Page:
I had the privilege of developing the company CAD standards (I use the term “privilege” very lightly ;) and was given the title of CAD Manager while employed at a large engineering / architectural firm in southern Ontario.
It must have been my "wide eyed determined to make a difference attitude" that drove me to persuade upper management that a CAD manager is much needed to calm the chaos between the different departments.
The architectural, structural, mechanical and electrical, land development and waste water departments had been using different standards.
When it came time for the departments to work together on a project, i.e. structural and architectural, more work was necessary to integrate each others work.
Convincing upper management to utilize me as a CAD manager was relatively simple.
Here’s what I said:
They reviewed my experience and background in CAD (I was just a number to them before this), considered my suggestion and promoted me to the title of CAD Manager / Technologist. (promoted, hmm...)
immediately given the responsibility of organizing a company wide CAD
standard. This huge task also included the associate offices across the
country as well.
Great! I was on it; day and night, putting together a CAD standard that I felt sure would harmonize the entire matrix of the company; well, related to CAD at least.
Memos were sent to the head or representative of each CAD department, indicating a meeting date, along with an outline of the new standards.
Meeting day came… and my desire to synchronize the CAD departments quickly left me… along with most of my self esteem.
It was a complete disaster! Every item I had carefully organized was scrutinized, criticized and, basically, unaccepted by a select few gurus set hard in their ways and nothing-better-to-doers with, well, nothing better to do.
Obviously I had expected some criticism, but what I didn’t expect was the complete lack of respect for the task I was given.
Sure, some of my colleagues were with the company longer and were more experienced, but as far as I was concerned, I was given the responsibility of putting together standards that would help the architectural department work together with the structural departmentand the structural department work together with the mechanical department… and so on.
This was not a flex contest, not to me. It soon became apparent to me, why there was no CAD manager before me. Why no one had stepped up to the plate.
During the meeting, some representatives seemed to be in agreement with the new standards, but they kept quiet about it. While others had their own ideas and preferences of what a CAD standard should be. Few wanted to lean towards anything resembling global synchronization.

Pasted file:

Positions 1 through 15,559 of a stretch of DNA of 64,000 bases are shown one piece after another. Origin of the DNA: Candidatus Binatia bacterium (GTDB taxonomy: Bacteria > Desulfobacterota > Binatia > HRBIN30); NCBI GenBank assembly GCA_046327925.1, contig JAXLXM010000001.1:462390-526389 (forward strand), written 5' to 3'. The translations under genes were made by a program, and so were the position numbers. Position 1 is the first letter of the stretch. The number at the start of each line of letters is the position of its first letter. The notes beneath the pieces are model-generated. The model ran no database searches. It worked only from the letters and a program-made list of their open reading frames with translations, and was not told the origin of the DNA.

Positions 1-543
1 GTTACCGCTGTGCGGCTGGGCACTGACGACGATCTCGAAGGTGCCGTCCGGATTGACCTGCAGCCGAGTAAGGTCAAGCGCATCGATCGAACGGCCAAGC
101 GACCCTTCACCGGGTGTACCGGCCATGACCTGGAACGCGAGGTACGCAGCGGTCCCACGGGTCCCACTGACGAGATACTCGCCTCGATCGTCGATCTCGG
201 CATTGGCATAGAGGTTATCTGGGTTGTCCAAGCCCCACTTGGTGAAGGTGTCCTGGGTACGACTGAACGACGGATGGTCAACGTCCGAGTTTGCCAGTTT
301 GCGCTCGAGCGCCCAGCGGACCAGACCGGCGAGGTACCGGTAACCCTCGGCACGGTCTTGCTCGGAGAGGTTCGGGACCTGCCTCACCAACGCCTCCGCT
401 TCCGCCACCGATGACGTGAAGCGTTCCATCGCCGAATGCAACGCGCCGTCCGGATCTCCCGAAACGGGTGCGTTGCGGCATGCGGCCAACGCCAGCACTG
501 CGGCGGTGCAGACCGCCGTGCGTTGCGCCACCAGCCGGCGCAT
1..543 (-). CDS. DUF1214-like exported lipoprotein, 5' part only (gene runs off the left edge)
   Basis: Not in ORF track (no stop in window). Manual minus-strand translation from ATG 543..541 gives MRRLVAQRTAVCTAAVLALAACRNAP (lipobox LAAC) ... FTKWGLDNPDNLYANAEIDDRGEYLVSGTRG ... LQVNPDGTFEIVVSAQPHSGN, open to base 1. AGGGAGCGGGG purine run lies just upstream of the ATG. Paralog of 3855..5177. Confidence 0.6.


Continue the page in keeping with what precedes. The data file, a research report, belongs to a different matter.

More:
After the meeting I reported the dismal minutes to the top brass. Management nodded its head and thought it best to have another meeting and keep working towards a company wide solution, while keeping every department in the loop.
So on and on we went, meeting after meeting, for months and months… and got absolutely no where! (Except for agreeing on a standard company title block ;)
No. It wasn’t me. I was not the problem.
If I was the problem, management should have replaced me and enforced someone else’s standards.
As a matter of fact, my critical colleagues were not the problem either.
The company's upper management did not enforce the drafting standards that I was hired to create.
They did not send a memo to each and every department manager, CAD department head, and CAD operator, indicating:
When upper management did not do this, it became clear how being evasive and passing the buck can trickle down the ranks and cripple progress.
Not that the upper management didn’t know how to properly manage operations from a purely engineering or architectural perspective, but from a "computer drafting and design standard" point of view they did not have a clue.
And that is why they hired a CAD manager; specifically to develop a company standard for the purpose of bringing the CAD departments together more efficiently and maintaining a norm by which even new employees can easily get up to speed.
Once a firm’s management decides to integrate a CAD manager into its system it must enforce the standards and rules that were developed on its behalf.
Otherwise the process of developing the standards becomes a vicious circle of deferrals, delays and buck passing.
It would seem, that the final push to get effective AutoCAD standards underway lies with upper management.
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